A tale of two pandemics for Smurfit Kappa and Greencore
Market Watch: CPL’s new owners lock in Anne Heraty
Smurft Kappa has had a good Covid-19 crisis.
Smurfit Kappa came out after European markets closed on Thursday last week to raise €660 million – taking advantage as its stock traded around highs last seen 2½ years ago when the cardboard box-maker was being stalked by unwanted suitor in the shape of US peer International Paper.
Smurfit Kappa may have reported earlier in this month that its third-quarter earnings had dipped almost 5 per cent as Covid-19 hit a part of its business that’s exposed to the likes of cafes and restaurants. But the pandemic has served to turbo charge two large trends that were already playing into the company’s hands in recent years: a surge in ecommerce and a shift across the consumer goods industry towards sustainable packaging.
(Happily for Smurfit Kappa, the crisis has also has pushed environmental, social and governance (ESG) investing up a notch or two on investors’ agendas.)
The fresh equity will be used to invest in projects aimed at taking advantage of the two themes that group chief executive, Tony Smurfit, has said are set to turn into “very large” financial results for the company in the future. “We have more opportunities than we know what to do with,” he said at the time of the results. Can Smurfit Kappa deliver on the promise?
On the other hand, a move by Dublin-based Greencore – which left the Irish stock market in 2012 for sole trading of its shares in London – earlier this week to raise £90 million (€101m) in a share sale was more of a defensive move.
The UK’s largest maker of prepacked sandwiches saw its food-to-go business decimated almost overnight earlier this year as urban office workers fled with their laptops and whatever else they could carry to work from home.
Chief executive Patrick Coveney would close four plants, place 4,500 staff on the UK government’s furlough scheme, cancel an annual dividend and cut senior staff pay by 30 per cent.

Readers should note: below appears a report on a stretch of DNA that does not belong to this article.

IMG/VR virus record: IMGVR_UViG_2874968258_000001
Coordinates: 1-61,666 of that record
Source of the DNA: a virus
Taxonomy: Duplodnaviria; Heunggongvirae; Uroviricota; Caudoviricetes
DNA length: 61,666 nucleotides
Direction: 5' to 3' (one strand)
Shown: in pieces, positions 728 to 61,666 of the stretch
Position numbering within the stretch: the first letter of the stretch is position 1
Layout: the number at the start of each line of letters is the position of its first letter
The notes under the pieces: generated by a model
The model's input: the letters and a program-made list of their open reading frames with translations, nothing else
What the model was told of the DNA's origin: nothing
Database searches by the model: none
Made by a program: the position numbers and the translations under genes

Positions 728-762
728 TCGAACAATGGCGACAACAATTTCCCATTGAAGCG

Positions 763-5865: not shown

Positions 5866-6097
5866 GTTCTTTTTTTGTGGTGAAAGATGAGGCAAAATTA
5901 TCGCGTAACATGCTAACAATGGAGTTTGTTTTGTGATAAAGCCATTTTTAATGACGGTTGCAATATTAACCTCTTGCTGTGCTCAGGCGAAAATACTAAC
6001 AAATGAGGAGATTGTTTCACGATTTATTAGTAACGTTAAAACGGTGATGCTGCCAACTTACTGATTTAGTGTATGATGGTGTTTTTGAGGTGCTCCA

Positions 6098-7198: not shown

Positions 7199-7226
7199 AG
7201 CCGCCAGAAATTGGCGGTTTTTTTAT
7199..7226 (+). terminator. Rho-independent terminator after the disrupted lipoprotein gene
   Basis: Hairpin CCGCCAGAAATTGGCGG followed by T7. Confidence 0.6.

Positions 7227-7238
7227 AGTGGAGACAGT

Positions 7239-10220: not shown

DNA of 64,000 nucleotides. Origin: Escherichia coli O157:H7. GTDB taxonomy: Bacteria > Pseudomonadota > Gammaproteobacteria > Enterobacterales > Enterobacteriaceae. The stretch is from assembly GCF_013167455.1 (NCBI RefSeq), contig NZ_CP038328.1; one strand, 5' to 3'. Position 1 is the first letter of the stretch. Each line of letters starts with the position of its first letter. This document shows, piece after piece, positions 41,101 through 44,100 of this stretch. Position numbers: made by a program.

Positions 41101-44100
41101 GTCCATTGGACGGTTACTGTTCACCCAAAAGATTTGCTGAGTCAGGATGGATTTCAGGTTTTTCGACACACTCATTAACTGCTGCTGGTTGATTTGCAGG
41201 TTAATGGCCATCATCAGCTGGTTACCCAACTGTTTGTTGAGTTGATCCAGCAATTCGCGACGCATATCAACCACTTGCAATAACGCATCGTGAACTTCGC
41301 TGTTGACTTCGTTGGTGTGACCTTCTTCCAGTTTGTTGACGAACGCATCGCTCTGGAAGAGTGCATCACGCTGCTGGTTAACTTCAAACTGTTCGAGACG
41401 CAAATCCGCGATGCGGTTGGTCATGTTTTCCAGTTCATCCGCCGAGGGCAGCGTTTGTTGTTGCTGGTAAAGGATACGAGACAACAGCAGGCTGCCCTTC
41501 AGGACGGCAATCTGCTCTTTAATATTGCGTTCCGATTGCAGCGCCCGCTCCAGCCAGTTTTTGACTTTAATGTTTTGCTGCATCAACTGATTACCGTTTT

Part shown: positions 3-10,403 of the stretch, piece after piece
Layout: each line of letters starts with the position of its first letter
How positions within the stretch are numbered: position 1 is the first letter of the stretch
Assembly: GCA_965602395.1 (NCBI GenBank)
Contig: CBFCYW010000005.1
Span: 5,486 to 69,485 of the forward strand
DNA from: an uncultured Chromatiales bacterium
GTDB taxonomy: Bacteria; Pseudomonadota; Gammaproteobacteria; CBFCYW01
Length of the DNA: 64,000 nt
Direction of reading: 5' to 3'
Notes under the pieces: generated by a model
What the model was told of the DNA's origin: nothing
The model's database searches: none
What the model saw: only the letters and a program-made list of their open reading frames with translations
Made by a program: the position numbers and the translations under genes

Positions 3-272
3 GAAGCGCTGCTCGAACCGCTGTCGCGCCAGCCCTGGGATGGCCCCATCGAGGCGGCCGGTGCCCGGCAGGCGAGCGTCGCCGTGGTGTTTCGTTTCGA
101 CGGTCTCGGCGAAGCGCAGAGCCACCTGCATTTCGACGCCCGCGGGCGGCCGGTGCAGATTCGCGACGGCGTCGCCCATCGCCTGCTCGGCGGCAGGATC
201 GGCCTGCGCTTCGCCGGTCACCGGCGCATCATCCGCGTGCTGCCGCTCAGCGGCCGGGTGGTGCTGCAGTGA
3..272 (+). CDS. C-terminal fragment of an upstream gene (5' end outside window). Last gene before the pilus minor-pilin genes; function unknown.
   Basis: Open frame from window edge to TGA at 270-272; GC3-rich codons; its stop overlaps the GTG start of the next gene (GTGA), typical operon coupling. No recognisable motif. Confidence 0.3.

But these did little to cushion the blow of an 81 per cent profit slump in the year to September.
The equity raise underpins Greencore’s balance sheet and buys it time amid concerns that we could see further waves of infection and government restrictions before a widespread roll-out of vaccines. But Coveney has little hope of the UK’s food market recovering to 2019 levels until 2022 at the earliest.
With investors left questioning who will be nipping into the likes of Marks & Spencer, Sainsbury’s or Tesco city-centre stores at lunchtime for one of Greencore’s ham and cheese specials or sushi packs by then, shares in the company are down by two-thirds so far this year.
Still, investors should take some comfort from the fact that the CEO stumped up £400,000 of his own money to take part in the equity raise.
Both the Greencore and Smurfit Kappa share placings have been part of a last-minute flurry of by companies with primary UK listings taking advantage of relaxed rules for stock placings resulting from the Covid-19 crisis.
Ordinarily companies have to offer existing investors first refusal on new stock if they plan on issuing more than the 5-10 per cent of outstanding shares approved as standard at annual general meetings.
However, the UK Financial Conduct Authority raised the threshold to 20 per cent in April to allow businesses rush to market without the usual messy business of having to pull together prospectuses and hold extraordinary shareholder meetings.
These guidelines are set to run out next week.
All told, Irish public-limited companies have raised more than €2.4 billion in share placings since the onset of the coronavirus crisis from share placings, including Ryanair, Paddy Power-owner Flutter Entertainment, Dalata Hotel Group and, also this week, wind farm investor Greencoat Renewables.
Most have been pitched to date as opportunities for the companies to get an advantage over industry rivals. But as we get closer to companies reporting full-year results early next year and having potentially uncomfortable going-concern conversations with auditors, we may see more raising funds to repair balance sheets rather than get ahead.
Documents published this week show that an extraordinary general meeting of investors on the matter will take place on December 18th.
A High Court date to rubber-stamp the deal has been set for January 30th, and, all going well, cheques will be posted out to shareholders by the end of April at the latest.
The payday, of course, will be most welcomed by group chief executive and co-founder Anne Heraty and her husband and fellow director Paul Carroll, who are poised to receive almost €110 million for their combined 34.9 per cent stake in the business.
The latest filings also show that CPL entered a new service agreement with Heraty just days before the takeover was announced – with “enhanced non-compete and non-solicitation covenants in favour of CPL and increased notice periods on termination”. A company spokeswoman declined to comment on the details.
There have been no signs that Heraty has any intention of leaving CPL any time soon. But it’s clear that the Japanese recruiter wants to make sure it has a good hold on its new star signing.